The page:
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Bioprocess and Biosystems Engineering

, Volume 41, Issue 2, pp 229–235 | Cite as

Production of (3-hydroxybutyrate-co-3-hydroxyhexanoate) copolymer from coffee waste oil using engineered Ralstonia eutropha

  • Shashi Kant Bhatia
  • Jung-Ho Kim
  • Min-Sun Kim
  • Junyoung Kim
  • Ju Won Hong
  • Yoon Gi Hong
  • Hyun-Joong Kim
  • Jong-Min Jeon
  • Sang-Hyoun Kim
  • Jungoh Ahn
  • Hongweon Lee
  • Yung-Hun YangEmail author
Research Paper

Abstract

Polyhydroxyalkonate (PHA) is a type of polymer that has the potential to replace petro-based plastics. To make PHA production more economically feasible, there is a need to find a new carbon source and engineer microbes to produce a commercially valuable polymer. Coffee waste is an inexpensive raw material that contains fatty acids. It can act as a sustainable carbon source and seems quite promising with PHA production in Ralstonia eutropha, which is a well-known microbe for PHA accumulation, and has the potential to utilize fatty acids. In this study, to make poly(3-hydroxybutyrate-co-3-hydroxyhexanoate) (P(HB-co-HHx)), which has superior properties in terms of biodegradability, biocompatibility, and mechanical strength, engineered strain Ralstonia eutropha Re2133 overexpressing (R)-specific enoyl coenzyme-A hydratase (phaJ) and PHA synthetase (phaC2) with deletion of acetoacetyl Co-A reductases (phaB1, phaB2, and phaB3) was used to produce PHA from coffee waste oil. At a coffee oil concentration of 1.5%, and C/N ratio of 20, the R. eutropha Re2133 fermentation process results in 69% w/w of DCW PHA accumulation and consists of HB (78 mol%) and HHx (22 mol%). This shows the feasibility of using coffee waste oil for P(HB-co-HHx) production, as it is a low-cost fatty acid enriched waste material.

Keywords

Polyhydroxyalkonate Poly(3-hydroxybutyrate-co-3-hydroxyhexanoate) Ralstonia eutropha 

Notes

Acknowledgements

The authors acknowledge the KU Research Professor Program of Konkuk University, Seoul, South Korea for providing financial support to Dr. Shashi Kant Bhatia. This study was also supported by the National Research Foundation of Korea (NRF), funded by the Ministry of Education (2017R1A2A2A07000900, 2017M3A9E4077234, 2017R1D1A1B03030766), and R&D Program of MOTIE/KEIT (10048350). Consulting service from the Microbial Carbohydrate Resource Bank (MCRB, Seoul, Korea) was kindly appreciated.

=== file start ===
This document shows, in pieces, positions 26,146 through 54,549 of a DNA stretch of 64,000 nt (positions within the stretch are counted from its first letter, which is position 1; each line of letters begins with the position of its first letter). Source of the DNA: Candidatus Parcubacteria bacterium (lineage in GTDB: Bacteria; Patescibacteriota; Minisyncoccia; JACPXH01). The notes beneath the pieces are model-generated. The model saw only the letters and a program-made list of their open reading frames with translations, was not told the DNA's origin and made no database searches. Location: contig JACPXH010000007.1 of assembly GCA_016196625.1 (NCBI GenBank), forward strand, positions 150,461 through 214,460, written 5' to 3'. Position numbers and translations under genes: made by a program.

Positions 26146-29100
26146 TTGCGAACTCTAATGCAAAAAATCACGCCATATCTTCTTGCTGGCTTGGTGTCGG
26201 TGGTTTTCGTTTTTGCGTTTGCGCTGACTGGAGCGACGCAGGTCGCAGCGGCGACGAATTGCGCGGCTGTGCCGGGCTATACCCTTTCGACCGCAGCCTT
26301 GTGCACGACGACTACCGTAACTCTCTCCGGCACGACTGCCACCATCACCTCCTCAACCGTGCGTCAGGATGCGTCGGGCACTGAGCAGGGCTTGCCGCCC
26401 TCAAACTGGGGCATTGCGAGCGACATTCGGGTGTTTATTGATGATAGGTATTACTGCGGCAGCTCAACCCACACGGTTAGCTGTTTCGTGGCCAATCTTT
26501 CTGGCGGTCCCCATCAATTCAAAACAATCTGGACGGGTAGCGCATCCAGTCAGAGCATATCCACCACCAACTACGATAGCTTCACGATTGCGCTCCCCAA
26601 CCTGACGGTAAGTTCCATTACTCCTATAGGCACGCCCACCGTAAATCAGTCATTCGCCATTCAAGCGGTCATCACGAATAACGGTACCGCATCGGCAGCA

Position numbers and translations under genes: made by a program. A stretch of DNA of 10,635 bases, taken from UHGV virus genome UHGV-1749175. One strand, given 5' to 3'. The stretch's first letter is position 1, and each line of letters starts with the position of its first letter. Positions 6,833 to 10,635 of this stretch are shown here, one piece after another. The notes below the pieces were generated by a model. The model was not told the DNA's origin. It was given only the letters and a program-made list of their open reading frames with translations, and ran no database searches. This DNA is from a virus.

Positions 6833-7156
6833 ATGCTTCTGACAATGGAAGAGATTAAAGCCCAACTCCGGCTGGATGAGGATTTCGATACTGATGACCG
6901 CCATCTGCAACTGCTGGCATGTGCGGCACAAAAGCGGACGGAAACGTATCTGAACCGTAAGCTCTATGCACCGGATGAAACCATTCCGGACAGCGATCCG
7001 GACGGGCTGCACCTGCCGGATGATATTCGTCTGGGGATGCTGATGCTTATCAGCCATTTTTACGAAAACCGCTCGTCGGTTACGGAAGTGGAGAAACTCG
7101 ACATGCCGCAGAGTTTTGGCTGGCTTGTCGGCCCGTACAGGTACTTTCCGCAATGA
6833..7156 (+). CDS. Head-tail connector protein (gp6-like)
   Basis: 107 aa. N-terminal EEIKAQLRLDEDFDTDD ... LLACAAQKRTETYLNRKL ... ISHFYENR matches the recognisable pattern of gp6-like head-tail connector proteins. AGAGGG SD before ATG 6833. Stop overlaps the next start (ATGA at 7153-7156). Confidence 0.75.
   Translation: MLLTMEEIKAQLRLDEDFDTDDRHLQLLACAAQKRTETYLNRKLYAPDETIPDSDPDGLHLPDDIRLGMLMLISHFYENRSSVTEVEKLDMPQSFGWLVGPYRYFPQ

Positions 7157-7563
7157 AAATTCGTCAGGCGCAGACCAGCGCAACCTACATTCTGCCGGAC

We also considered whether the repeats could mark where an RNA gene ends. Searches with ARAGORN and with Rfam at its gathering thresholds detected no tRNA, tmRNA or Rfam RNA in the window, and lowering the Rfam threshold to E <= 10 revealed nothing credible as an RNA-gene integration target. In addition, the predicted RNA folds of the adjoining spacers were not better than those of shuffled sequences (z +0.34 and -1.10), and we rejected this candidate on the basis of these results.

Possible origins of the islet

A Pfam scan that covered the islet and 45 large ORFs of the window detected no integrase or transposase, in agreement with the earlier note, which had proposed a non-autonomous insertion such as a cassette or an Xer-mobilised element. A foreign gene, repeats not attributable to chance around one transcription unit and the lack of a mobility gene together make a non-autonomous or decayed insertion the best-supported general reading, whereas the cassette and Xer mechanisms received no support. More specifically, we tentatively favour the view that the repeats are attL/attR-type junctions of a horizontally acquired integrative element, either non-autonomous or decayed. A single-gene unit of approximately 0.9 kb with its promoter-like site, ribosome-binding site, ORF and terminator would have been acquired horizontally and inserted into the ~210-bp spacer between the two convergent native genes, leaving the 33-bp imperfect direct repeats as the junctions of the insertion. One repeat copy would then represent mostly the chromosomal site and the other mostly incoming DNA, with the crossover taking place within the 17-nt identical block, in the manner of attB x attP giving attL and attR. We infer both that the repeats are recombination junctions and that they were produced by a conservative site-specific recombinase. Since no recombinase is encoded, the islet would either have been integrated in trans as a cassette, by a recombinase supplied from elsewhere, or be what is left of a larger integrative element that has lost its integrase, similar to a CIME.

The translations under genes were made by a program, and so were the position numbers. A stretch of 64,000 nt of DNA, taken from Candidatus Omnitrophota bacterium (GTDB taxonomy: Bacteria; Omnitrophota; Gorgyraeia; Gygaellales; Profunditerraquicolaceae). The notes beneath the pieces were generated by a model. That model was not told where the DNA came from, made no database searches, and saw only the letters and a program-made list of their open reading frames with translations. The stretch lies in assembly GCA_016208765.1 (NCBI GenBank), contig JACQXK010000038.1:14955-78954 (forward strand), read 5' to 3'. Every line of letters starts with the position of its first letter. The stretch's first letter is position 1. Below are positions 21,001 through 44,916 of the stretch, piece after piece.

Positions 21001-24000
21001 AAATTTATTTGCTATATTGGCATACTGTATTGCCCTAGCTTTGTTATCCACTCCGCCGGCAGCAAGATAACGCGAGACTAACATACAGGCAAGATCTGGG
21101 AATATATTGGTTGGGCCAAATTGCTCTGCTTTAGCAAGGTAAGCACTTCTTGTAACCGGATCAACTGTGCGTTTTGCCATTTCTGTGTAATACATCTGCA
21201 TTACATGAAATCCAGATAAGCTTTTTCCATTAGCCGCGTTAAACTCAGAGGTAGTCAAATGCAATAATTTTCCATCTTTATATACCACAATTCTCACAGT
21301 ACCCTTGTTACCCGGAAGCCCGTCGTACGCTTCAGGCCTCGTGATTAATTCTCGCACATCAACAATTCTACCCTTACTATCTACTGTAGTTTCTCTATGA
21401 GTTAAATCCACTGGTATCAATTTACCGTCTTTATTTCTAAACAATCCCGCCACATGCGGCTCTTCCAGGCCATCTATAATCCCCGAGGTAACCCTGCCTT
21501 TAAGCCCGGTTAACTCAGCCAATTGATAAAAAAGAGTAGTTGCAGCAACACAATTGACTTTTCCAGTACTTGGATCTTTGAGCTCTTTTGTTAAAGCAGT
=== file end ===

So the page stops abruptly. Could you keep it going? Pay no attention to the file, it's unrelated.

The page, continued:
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Copyright information

© Springer-Verlag GmbH Germany 2017

Authors and Affiliations

  • Shashi Kant Bhatia
    • 1
    • 2
  • Jung-Ho Kim
    • 1
  • Min-Sun Kim
    • 1
  • Junyoung Kim
    • 1
  • Ju Won Hong
    • 1
  • Yoon Gi Hong
    • 1
  • Hyun-Joong Kim
    • 1
  • Jong-Min Jeon
    • 1
  • Sang-Hyoun Kim
    • 3
  • Jungoh Ahn
    • 4
  • Hongweon Lee
    • 4
  • Yung-Hun Yang
    • 1
    • 2
    Email author
  1. 1.Department of Biological Engineering, College of EngineeringKonkuk UniversitySeoulSouth Korea
  2. 2.Institute for Ubiquitous Information Technology and Applications (CBRU)Konkuk UniversitySeoulSouth Korea
  3. 3.Department of Environmental EngineeringDaegu universityGyeongsanSouth Korea
  4. 4.Biotechnology Process Engineering CenterKorea Research Institute Bioscience Biotechnology (KRIBB)DaejeonSouth Korea

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